Saving Mr. Banks, the story of how, over the course of 20 years, Walt Disney convinced author P.L. Travers to let him adapt her Mary Poppins into a film, is a box office hit and has already been nominated for several awards. Here’s the book and author that started it all.
From the moment Mary Poppins arrives at Number Seventeen Cherry-Tree Lane, everyday life at the Banks house is forever changed.
It all starts when Mary Poppins is blown by the east wind onto the doorstep of the Banks house.
She becomes a most unusual nanny to Jane, Michael, and the twins. Who else but Mary Poppins can slide up banisters, pull an entire armchair out of an empty carpetbag, and make a dose of medicine taste like delicious lime-juice cordial?
A day with Mary Poppins is a day of magic and make-believe come to life!
The remarkable life of P.L. Travers, the creator of Mary Poppins.
An arresting life…Lawson is superb at excavating the details. –Library Journal
The spellbinding stories of Mary Poppins, the quintessentially English and utterly magical nanny, have been loved by generations. She flew into the lives of the unsuspecting Banks family in a children’s book that was instantly hailed as a classic, then became a household name when Julie Andrews stepped into the title role in Walt Disney’s hugely successful and equally classic film. But the Mary Poppins in the stories was not the cheery film character. She was tart and sharp, plain and vain. She was a remarkable character.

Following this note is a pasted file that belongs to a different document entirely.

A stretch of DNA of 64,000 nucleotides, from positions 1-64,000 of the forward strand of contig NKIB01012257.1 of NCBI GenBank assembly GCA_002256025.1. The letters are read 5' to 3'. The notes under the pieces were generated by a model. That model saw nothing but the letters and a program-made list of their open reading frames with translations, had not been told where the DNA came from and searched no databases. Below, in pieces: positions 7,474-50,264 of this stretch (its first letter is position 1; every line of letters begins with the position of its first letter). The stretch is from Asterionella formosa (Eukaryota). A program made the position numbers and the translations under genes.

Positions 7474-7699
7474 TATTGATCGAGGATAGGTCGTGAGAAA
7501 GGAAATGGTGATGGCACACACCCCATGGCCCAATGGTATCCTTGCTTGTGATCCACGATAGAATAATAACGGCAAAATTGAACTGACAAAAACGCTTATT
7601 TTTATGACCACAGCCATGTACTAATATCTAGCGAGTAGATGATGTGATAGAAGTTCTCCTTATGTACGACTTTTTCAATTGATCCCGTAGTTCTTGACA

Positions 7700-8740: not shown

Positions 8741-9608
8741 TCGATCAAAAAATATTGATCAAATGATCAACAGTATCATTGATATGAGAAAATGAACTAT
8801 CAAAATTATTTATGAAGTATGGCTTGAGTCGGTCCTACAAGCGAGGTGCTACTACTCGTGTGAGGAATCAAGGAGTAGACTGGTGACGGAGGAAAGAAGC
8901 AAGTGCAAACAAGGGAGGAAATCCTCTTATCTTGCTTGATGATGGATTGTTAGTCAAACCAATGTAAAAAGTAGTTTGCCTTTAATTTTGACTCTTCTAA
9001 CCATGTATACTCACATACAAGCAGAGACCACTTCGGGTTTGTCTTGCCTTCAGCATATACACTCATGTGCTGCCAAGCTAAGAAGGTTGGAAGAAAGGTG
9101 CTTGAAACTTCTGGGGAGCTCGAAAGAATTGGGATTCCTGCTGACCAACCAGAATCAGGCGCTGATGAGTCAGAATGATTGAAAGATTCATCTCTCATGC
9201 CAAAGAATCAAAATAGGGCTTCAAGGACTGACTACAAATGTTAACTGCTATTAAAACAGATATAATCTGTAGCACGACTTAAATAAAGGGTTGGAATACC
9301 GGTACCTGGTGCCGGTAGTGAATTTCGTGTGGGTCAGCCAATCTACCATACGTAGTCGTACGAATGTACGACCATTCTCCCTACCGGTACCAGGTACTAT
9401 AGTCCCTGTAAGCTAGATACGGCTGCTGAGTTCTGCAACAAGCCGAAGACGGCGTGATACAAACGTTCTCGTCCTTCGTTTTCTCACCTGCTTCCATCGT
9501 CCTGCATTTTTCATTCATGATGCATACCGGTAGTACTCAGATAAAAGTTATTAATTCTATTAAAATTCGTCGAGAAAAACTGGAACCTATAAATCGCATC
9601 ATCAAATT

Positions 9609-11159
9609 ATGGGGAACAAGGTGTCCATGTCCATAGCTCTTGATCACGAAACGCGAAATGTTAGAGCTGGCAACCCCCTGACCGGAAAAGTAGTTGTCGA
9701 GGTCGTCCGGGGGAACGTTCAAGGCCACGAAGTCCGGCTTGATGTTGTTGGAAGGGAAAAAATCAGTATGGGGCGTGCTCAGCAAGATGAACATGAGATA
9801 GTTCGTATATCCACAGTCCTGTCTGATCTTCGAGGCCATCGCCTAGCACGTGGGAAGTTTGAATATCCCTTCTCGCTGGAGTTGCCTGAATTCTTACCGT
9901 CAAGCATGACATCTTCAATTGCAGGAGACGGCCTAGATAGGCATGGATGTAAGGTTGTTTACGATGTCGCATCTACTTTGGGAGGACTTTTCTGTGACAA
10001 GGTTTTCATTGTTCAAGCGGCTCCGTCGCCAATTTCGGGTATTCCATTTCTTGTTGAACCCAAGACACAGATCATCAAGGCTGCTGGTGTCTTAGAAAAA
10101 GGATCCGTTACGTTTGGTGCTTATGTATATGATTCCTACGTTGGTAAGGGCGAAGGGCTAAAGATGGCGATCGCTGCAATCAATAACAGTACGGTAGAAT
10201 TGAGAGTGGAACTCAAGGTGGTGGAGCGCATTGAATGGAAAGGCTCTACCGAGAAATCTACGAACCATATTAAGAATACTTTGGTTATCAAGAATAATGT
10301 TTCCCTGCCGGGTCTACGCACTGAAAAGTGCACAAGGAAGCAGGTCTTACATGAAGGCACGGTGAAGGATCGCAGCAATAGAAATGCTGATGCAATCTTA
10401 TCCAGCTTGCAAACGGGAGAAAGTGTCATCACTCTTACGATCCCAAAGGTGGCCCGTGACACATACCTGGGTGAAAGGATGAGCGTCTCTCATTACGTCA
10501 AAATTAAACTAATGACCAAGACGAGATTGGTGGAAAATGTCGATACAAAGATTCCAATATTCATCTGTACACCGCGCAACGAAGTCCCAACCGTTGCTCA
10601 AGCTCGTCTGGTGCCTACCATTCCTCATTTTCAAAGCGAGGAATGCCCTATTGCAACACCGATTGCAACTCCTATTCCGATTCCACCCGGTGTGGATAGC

The story of Mary Poppins’ creator, as this definitive biography reveals, is equally remarkable. The fabulous English nanny was actually conceived by an Australian, Pamela Lyndon Travers, who came to London in 1924 from Queensland as a journalist. She became involved with Theosophy, traveled in the literary circles of W.B. Yeats and T.S. Eliot, and became a disciple of the famed spiritual guru, Gurdjieff.
She famously clashed with Walt Disney over the adaptation of the Mary Poppins books into film. Travers, whom Disney accused of vanity for “thinking you know more about Mary Poppins than I do,” was as tart and opinionated as Julie Andrews’s big-screen Mary Poppins was cheery. Yet it was a love of mysticism and magic that shaped Travers’s life as well as the character of Mary Poppins. The clipped, strict, and ultimately mysterious nanny who emerged from her pen was the creation of someone who remained inscrutable and enigmatic to the end of her ninety-six years.
Valerie Lawson’s illuminating biography provides the first full look whose personal journey is as intriguing as her beloved characters.